FAQs

10 of the most frequently asked questions

Our legal team are regulated by the Society of Will Writers and the Chartered Institute of Legal Executives. Meaning they must adhere to the code of conduct rules detailed by the regulatory bodies. All services offered are insured up to the value of £2 Million.

It’s effortless when you create a new Will at the top of your new Will; it states that you revoke all previous Wills, print your new Will have it witnessed, and destroy the old one.

The simple answer is unlimited times; once you have paid for your Will, you can make as many changes as and when you wish without further payment for the 1st three month’s. Should you want to make other changes after this, you only pay a small reprinting fee.

You can have anyone witness your Will as long as two people do not benefit from the Will or are executors. They must also be over 18 of a sound mind, and not married or in a partnership with a beneficiary.

Any person of sound mind who is over the age of 18 can be an Executor in your Will. Including named beneficiaries, relatives, and professional organisations. Please note professional organisations may charge a fee to act as an Executor. We would recommend that you do inquire with the professional organisation to confirm that you are agreeable to the price.

You need to consider the type of ownership for your property, i.e. is this shared ownership or joint ownership? Please note if your property is joint ownership, ownership of the property will automatically pass to the surviving owner. If your property is in shared ownership. You are entitled to leave your share of the property to your beneficiary of your choice. The property ownership type is detailed in the Land Registry title register. Please contact us if you require assistance in checking your ownership type or if you wish to change the ownership type of your property.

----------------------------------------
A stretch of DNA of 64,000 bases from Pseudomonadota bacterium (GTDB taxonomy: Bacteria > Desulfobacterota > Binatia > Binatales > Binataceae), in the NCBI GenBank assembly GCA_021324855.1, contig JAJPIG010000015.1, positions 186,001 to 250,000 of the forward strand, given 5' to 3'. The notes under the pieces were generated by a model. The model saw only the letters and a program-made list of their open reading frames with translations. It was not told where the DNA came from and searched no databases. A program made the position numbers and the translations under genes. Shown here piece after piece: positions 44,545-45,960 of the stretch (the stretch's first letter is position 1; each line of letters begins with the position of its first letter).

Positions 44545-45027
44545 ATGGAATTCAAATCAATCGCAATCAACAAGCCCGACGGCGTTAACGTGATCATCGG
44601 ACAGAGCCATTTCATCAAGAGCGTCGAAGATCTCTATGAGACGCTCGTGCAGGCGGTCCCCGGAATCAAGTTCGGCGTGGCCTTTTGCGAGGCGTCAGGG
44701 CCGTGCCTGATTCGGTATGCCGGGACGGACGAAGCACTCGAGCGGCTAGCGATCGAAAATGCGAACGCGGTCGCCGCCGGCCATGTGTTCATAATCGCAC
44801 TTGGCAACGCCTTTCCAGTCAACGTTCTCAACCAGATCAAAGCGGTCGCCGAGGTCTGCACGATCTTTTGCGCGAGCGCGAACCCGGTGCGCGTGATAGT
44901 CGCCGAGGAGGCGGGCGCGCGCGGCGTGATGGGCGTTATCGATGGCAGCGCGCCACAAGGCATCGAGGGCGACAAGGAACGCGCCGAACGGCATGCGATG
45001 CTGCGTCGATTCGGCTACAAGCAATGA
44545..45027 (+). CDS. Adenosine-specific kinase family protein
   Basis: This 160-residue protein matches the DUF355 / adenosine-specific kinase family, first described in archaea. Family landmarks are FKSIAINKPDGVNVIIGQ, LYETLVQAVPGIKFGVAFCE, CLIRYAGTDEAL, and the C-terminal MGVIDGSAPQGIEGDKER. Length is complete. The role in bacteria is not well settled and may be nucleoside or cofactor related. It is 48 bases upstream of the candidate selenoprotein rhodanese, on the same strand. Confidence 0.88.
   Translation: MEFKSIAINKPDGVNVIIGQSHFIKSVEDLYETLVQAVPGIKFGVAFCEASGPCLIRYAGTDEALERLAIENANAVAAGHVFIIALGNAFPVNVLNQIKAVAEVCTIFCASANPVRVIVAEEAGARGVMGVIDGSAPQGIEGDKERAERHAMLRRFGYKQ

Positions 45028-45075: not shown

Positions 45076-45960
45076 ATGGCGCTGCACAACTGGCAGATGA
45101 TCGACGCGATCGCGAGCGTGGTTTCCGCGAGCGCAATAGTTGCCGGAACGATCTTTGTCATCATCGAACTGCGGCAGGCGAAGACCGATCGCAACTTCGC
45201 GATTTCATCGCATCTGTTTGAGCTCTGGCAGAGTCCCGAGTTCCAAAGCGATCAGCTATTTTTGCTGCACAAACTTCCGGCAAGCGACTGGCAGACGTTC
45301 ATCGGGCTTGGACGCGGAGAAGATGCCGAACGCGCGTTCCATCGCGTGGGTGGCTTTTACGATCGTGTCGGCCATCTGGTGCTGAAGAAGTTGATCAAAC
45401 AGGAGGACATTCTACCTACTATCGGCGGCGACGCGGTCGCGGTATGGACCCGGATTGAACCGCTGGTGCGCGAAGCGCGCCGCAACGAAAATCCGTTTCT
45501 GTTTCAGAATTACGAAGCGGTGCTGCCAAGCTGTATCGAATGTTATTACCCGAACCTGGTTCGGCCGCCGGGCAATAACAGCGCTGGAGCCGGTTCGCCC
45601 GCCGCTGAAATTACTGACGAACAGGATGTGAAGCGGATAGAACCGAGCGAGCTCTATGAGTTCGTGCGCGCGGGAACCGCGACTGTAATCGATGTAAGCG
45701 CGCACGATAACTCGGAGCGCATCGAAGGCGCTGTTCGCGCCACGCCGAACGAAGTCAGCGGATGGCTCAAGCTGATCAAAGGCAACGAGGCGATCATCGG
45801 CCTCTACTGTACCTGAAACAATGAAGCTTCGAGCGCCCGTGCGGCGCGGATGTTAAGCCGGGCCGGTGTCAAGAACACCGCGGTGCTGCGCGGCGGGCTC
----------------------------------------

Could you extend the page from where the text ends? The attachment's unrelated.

If you divorce your spouse, any gift that you left to your spouse when you were married is invalid and will not be given to them. The gift will pass to your next of kin. If you divorce, we would recommend that you do update your Will.

A memorandum of Wishes is a letter to your Executors and Trustees, which provides further details and guidance in respect of your wishes. Although this is read in conjunction with your Will, it does not form part of your Will per se. You can leave any detail in a memorandum of wishes. For example, you can leave details for your Guardians to consider, such as preferred schooling and family values you wish for them to follow. This includes wishes on how you prefer your Beneficiaries to utilise the gift that you have left to them. 

You can protect gifts to your children in a variety of ways; this can be a trust within your Will, for example, by including an age they are to inherit the gift.  For example, 25 years of age or making a Family Trust. You can speak to our legal team, who will be able to discuss your wishes and advise you on the most suitable method to meet your requests.

The law states that you should make a reasonable financial provision for your children. However, it is not necessary to leave a gift in your Will to your children. Especially if you do not have a relationship with them etc., however, if you do not wish to leave any gift to your children, then we would recommend you do leave a letter of wishes with your Will. Explaining why you want to exclude your child/children, this may prevent them from making a successful claim against your estate.


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